Spoilers ahead for the first series of "Utopia," and light spoilers for the first two episodes of the second series ahead.
There's always a great conundrum when you reach the end of a conspiracy mystery show that has shown all its cards and told the audience all its secrets: What do you do next? A big part of what made the first year of Channel Four's "Utopia" such a satisfying watch was that it was never stingy with information and the big mysteries weren't drawn out. Instead, perfectly satisfactory explanations were presented in a well timed fashion, and the series never lost any of its momentum. For year two, there was a cliffhanger or two to resolve, but where would "Utopia" go now that we knew the identity of Mr. Rabbit, the purpose of Janus, and where Jessica Hyde was? Other shows would have given us new mysteries, perhaps revealing that there were villains higher up the chain that we hadn't known about, waiting in the wings. The second series of "Utopia" chooses the opposite tack, morphing into a different kind of show as it reveals more information and grapples with the fallout of the events of the first series.
I knew that we were on the right track in the premiere episode, which is entirely a flashback episode to the 1970s. It spells out the sordid history of The Network, created by Philip Carvel (Tom Burke) and Milner (Rose Leslie), and the origins of Arby and Jessica Hyde. The violence is gut-wrenching, the personal tragedies of the characters are engrossing, and the extremism on display is presented as scarily plausible - "Utopia" at its finest. In a single episode, we see how the Network destroyed Philip Carvel's life, which sets up the central questions of this series: what are the characters willing to sacrifice in the name of what they believe? Though everyone from the first series is back, there are two clear figures who take the leads: Pietre, who is working to shed his old persona of Arby, and Wilson Wilson, who made the decision to side with the Network last series and is now figuring out how much involvement he's willing to have in their plans. The Network is on the move again, and closer than ever to seeing their plans come to fruition.
The second series is far more character-based, giving us people to root for on both sides of the story. As we learn more about the Network and how it operates, its members are humanized. Milner, the architect of so much horror, is made sympathetic to a certain degree without losing an iota of her brutality. The ideas and aims of the Utopia project are depicted as strong enough to create fanatical devotion and loyalty in some of its followers to the point where they are willing to commit atrocities. They believe they are saving the world as strongly as those who are trying to stop them. It's a fascinating thing to see depicted through the comic-book fantasy lens of "Utopia," still rife with color coded environments and whimsical hitmen. The characters are all clearly exaggerations, but their behavior rings true at its core. It's simple enough to compare the actions of the Network with religious extremists, or terrorist groups, or any number of fringe organizations.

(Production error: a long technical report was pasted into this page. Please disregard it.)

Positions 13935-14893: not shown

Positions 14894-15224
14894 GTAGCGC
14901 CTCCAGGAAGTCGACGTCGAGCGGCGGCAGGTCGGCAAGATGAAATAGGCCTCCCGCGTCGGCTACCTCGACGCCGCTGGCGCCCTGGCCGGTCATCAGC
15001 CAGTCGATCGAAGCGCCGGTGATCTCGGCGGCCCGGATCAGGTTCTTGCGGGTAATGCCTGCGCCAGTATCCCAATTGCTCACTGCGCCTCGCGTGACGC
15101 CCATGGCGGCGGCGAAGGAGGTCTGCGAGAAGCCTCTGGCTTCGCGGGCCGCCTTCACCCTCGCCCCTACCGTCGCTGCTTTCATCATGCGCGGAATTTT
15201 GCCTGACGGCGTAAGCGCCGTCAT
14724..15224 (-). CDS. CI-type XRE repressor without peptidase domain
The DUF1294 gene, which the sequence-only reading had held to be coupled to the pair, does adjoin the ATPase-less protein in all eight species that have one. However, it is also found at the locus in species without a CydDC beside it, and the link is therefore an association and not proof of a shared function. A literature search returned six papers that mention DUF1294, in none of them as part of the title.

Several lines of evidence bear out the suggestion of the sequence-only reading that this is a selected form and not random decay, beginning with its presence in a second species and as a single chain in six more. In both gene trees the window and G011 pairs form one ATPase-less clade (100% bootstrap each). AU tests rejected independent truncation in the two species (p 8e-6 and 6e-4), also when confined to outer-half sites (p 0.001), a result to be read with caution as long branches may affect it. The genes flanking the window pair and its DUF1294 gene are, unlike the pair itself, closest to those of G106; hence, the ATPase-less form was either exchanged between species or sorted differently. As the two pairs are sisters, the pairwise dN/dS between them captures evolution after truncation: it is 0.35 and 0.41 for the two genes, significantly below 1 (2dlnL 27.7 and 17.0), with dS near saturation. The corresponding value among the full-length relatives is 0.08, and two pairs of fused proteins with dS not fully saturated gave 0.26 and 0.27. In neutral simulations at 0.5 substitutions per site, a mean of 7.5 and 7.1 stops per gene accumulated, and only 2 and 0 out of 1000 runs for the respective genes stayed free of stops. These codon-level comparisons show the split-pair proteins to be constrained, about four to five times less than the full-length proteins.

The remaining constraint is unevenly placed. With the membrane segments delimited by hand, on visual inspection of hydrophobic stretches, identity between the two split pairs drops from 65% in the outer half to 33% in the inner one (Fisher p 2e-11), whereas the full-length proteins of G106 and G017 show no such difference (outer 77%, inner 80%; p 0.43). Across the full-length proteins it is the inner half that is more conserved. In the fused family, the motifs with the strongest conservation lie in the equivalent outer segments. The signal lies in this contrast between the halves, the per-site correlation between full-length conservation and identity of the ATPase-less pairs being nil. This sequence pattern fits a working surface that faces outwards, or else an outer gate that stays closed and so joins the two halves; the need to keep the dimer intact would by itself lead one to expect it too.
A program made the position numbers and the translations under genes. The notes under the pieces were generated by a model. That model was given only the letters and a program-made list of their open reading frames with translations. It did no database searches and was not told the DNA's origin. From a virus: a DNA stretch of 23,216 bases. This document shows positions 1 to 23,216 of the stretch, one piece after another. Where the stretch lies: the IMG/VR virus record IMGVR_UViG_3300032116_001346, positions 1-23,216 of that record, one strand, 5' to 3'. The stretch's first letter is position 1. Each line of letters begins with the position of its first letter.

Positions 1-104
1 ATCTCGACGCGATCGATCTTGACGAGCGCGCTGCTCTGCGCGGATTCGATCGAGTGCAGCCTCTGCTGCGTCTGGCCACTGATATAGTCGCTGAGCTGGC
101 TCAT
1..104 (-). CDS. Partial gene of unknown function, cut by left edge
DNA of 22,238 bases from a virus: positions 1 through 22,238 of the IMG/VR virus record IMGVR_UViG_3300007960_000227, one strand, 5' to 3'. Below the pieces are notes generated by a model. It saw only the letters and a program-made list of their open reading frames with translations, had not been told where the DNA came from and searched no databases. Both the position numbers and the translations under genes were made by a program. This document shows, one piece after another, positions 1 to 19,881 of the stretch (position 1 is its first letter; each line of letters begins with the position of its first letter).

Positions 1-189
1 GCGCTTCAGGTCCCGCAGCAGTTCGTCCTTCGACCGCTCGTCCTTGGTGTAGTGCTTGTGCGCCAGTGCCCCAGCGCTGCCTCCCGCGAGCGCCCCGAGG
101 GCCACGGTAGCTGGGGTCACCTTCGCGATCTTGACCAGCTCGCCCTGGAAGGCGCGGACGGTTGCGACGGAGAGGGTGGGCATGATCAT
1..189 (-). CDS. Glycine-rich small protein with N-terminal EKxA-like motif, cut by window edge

The continuing adventures of our original gang of heroes - Ian, Becky, Grant, Jessica and Dugdale, are less compelling this time around without a rabbit to chase down. The writers give them plenty to keep them busy, though, including an addled old man named Anton (Ian McDiarmid) who knows an awful lot about Becky's disease, more fun with sleazeball Christian Donaldson (recast as Michael Maloney), and of course Pietre, still the most fascinating of the show's lineup of psychopaths. There's some rehashing of the same bits of business from the first series, but there's always enough new material in play to keep the pace brisk and the mood tense. Violence is employed as effectively as ever, graphic and upsetting. While some of the characters may become desensitized to violence over time, the "Utopia" creators never allow the same for the audience.
The production values are as strong as ever, particularly the visual composition and cinematography. This remains one of the most distinctive looking television shows I've ever seen. I haven't worked out what all the different colors mean but I never feel like I have to. Performances are mostly strong all around, with a few exceptions. Oliver Woolford hits a few bumps, having clearly aged a great deal more than his character during the interval between the series. Ian McDiarmid and Geraldine James stand out as the MVPs, and it was a brilliant idea to cast Rose Leslie as the younger version of Milner. The score is still wonderfully unsettling, and I've finally figured out what it reminds me of - Susumu Hirasawa's electronica soundtrack for the anime mystery series "Paranoia Agent."
I don't think that this series is ultimately as strong as the first, but it's a good continuation that works on its own terms and fleshes out the "Utopia" universe a great deal. I appreciate the way that it takes the time to explore what felt glossed over too quickly in the previous finale, and how it really has something to say about violence and extremism. This feels like a transitional year more than anything, and sadly we'll never see how certain things will play out, since the series won't be returning for a third year. I was satisfied with this ending, though, and hope to see more from the creators soon.